A phenomenon of postwar America, changing the look of the land as well as the style of living for millions of families, has been the development of modern shopping centers. For many of you their extraordinary convenience and casualness have been a happy and familiar experience for some time. But perhaps you'll be surprised to learn that just in October, November and December of 1956 suburban centers opened 12 million square feet of selling space, which more than doubled all such space previously in use.
Like convenience and casualness, sport too has become a characteristic of contemporary suburban life. That explains why this year, during SPORTS ILLUSTRATED'S third annual Sports and Vacation Carnival—in which leading retailers in every major U.S. market are participating—four important suburban shopping centers are the scenes for an unusual series of promotional events: The SPORTS ILLUSTRATED Summer Sports Festivals.
The first of these, a three-day program at Gimbels in Cheltenham, outside Philadelphia, took place two weeks ago and turned out for its sponsors to be a dramatic demonstration of the almost limitless possibilities of "selling with sport."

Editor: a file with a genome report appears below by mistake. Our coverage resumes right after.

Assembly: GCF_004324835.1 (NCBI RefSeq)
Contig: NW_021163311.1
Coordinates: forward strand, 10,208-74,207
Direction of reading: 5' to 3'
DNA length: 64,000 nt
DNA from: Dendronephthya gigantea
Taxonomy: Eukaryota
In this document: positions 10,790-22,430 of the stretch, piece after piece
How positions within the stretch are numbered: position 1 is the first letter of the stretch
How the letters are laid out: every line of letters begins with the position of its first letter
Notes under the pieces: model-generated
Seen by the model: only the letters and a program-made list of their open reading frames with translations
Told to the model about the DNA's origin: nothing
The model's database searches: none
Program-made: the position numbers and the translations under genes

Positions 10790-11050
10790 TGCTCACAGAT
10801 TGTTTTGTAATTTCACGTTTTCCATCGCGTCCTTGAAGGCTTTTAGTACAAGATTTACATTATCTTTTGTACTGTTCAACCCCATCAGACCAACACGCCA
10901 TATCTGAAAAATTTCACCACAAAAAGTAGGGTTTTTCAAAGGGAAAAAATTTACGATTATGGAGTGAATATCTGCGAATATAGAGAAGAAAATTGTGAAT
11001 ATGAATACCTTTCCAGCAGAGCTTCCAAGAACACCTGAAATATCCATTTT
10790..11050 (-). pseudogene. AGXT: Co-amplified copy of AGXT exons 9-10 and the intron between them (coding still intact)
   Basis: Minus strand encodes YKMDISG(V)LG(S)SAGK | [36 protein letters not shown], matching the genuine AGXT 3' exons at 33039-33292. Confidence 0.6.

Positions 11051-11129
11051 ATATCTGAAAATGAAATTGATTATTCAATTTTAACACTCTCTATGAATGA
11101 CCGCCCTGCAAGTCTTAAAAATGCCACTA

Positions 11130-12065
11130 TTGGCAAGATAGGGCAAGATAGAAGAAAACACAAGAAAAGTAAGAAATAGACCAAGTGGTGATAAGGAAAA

Built around outstanding sports personalities like Bob Mathias, Otto Graham, Doug Ford, Jackie Robinson, Bob Clotworthy and George Mikan; with special display material furnished by SPORTS ILLUSTRATED; with numerous booths exhibiting advertisers' products in live fashion shows and presentations; and a crowded schedule of special events—the entire sports-oriented program set the theme for this shopping center for the summer months ahead.
Last week Marshall Field & Co., The Fair and 25 other retailers, in the new Old Orchard shopping center near Chicago, joined with SPORTS ILLUSTRATED in a similar show; on June 5 another begins at Gimbels in North Hills, outside Pittsburgh; and the next week at Northland, the 80 tenant center which J. L. Hudson Co. built outside Detroit.
In a note to me about the success of the program at Cheltenham, Mr. Arthur C. Kaufmann, Executive Head of Gimbels, Philadelphia, wrote: "Old as its traditions are, nothing is more contemporary than sport, and nothing more sensibly identifies itself with the color, style and tempo of today's living. And we've just had wonderful evidence at our Cheltenham store that SPORTS ILLUSTRATED helps to make sport the perfect setting for selling."